Again- it should be in mid to late January. Stop by to see the latest stuff from Trek and Shimano. We'll have the coffee and tea waiting for you......

Monday, December 12, 2011

Product Profile: Salsa Cycles Vaya

Salsa Cycles Vaya
Moving along now with our next Product Profile. As many of you know by now, Europa Cycle and Ski is now a Salsa Cycles dealer. We have brought in a nice range showing off the "Adventure by Bike" theme Salsa has designed their line up around.

We already showed you the fat tire Mukluk here, and today we're going to profile the Vaya.

The Vaya is Salsa Cycles answer to those of you out there that want to ride a bike that can eat up road miles, carry a rack, or a full bagged set up, has drop bars, has the more powerful, easier to use disc brakes, and can go on gravel and smooth dirt just as well as on pavement.

In short: A do-it-all road bike with options!

Salsa took a traditional touring bike and tweaked it for better handling and more versatility. They used steel, which rides really well, and put a taller head tube on it to keep your hands up more. No "racer boy" positions here! The tire clearance is enormous here. Want fenders? No problem! Salsa dialed in plenty of room and mounts to accommodate. Do you want skinnier tires? You bet! Wider tires? The Vaya can swallow rubber up to 1.8" wide. Front or rear racks? Yep. Got mounts for that too.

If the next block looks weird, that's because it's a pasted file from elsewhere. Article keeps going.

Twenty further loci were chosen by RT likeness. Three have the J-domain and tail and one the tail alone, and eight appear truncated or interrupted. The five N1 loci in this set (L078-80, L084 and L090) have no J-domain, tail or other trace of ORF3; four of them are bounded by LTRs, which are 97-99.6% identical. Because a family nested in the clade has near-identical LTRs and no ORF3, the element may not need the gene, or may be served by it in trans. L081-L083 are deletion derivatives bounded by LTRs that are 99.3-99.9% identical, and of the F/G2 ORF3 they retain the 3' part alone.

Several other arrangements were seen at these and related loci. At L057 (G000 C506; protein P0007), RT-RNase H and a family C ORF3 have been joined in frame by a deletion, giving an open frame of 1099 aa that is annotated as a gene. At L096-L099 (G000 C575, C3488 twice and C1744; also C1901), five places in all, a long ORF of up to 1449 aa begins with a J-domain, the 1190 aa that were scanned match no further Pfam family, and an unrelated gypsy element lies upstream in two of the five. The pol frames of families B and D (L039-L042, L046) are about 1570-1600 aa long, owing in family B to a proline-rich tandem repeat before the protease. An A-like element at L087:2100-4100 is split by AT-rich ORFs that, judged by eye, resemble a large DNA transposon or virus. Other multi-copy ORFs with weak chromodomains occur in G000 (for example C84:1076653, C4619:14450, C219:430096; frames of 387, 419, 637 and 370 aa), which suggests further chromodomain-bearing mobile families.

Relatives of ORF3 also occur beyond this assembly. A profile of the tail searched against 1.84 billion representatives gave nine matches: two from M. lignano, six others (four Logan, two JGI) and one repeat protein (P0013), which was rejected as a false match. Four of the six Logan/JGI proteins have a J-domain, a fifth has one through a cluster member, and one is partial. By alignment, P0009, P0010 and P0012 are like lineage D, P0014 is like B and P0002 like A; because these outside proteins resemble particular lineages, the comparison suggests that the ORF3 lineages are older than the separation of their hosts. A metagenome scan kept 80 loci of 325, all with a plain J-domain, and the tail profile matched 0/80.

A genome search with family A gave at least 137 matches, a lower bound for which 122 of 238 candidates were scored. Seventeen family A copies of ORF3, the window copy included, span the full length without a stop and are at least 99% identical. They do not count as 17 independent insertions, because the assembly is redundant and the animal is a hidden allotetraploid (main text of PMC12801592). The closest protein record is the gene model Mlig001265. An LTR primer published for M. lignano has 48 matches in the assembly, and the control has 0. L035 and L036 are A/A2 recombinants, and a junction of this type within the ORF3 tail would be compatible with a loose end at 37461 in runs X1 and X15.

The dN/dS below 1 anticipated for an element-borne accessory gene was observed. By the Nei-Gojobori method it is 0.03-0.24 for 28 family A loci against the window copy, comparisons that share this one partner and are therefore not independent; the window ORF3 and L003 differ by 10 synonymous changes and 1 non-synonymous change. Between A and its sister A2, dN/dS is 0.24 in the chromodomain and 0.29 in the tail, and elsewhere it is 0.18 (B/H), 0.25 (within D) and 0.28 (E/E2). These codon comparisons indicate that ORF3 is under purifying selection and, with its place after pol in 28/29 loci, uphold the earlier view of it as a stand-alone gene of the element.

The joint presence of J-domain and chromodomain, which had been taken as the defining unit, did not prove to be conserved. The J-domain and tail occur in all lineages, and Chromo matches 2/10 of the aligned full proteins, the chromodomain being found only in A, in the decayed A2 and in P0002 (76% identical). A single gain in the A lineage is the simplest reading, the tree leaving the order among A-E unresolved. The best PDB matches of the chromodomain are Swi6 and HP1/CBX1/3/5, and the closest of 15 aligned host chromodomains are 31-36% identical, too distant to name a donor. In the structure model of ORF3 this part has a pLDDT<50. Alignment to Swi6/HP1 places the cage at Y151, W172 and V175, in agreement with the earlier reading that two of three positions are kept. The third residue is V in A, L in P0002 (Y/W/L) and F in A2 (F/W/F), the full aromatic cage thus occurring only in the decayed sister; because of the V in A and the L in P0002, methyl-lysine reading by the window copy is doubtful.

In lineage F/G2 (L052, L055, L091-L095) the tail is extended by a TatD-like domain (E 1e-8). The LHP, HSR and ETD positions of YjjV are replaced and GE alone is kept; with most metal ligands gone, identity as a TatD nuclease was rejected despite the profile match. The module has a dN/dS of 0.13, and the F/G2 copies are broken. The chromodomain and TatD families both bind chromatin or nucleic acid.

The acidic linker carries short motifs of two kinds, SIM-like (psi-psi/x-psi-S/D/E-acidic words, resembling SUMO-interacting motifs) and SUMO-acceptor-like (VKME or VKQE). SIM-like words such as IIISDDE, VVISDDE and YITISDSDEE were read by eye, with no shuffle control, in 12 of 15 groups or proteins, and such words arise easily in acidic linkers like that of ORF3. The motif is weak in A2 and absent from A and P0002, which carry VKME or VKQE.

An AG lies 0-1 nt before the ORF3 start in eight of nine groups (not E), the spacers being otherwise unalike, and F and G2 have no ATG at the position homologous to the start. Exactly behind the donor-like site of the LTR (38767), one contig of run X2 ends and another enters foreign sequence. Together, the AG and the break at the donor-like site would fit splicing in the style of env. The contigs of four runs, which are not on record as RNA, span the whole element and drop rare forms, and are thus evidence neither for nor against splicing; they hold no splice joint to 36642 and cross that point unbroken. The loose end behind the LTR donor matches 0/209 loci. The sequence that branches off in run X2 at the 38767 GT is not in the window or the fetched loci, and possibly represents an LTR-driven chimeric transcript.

The Vaya we carry has the SRAM Apex group which gives you mountain scaling low gears out back and a fast shifting, high geared double crank up front. The wheels and tires are smartly spec'ed for a wide range of riding, including gravel roads and touring. The Vaya would make an outstanding RAGBRAI bike or a great commuter.

Salsa also offers the Vaya in a titanium version which is lighter, rides nicer, and still retains all the versatility the Vaya 2 we carry in the store does. If you want the finest in all around road/gravel/touring bikes, look no further.

Stop in and check out our Vayas on the floor, or talk to us about any of our great road and pavement bike options.

As always- the coffee and tea is on! Stop by for a cup.

Wednesday, December 7, 2011

Big Sale This Saturday!

Sale Flyer
The minions at Europa have been busily hacking prices, and getting everything lined up for this big to-do coming up early Saturday morning.

This is a one timer, two hour only dealio that you should check out. If you have a bicycle in mind, it'll be well worth your while.

I have the opportunity to "over hear" some of the goings on behind the curtains, and I happen to know that these prices are slashed down to the point that the shop isn't going to be able to do any better. If you want the absolute best price ever on a close out, this is your time.

In fact, if you miss getting in on the two hour sale event, don't even bother asking for these prices on the 2011 bikes. That's how good it is.

Other stuff is marked down as well. If you have a cyclist on your list for a gift, this is the day and these two hours are the time to get in and buy that gift. You won't get better pricing than this!

Okay, you've been told! I'll say this much, Europa doesn't have sales like this very often, so if you miss this opportunity, it'll be a long time before anything like this happens again.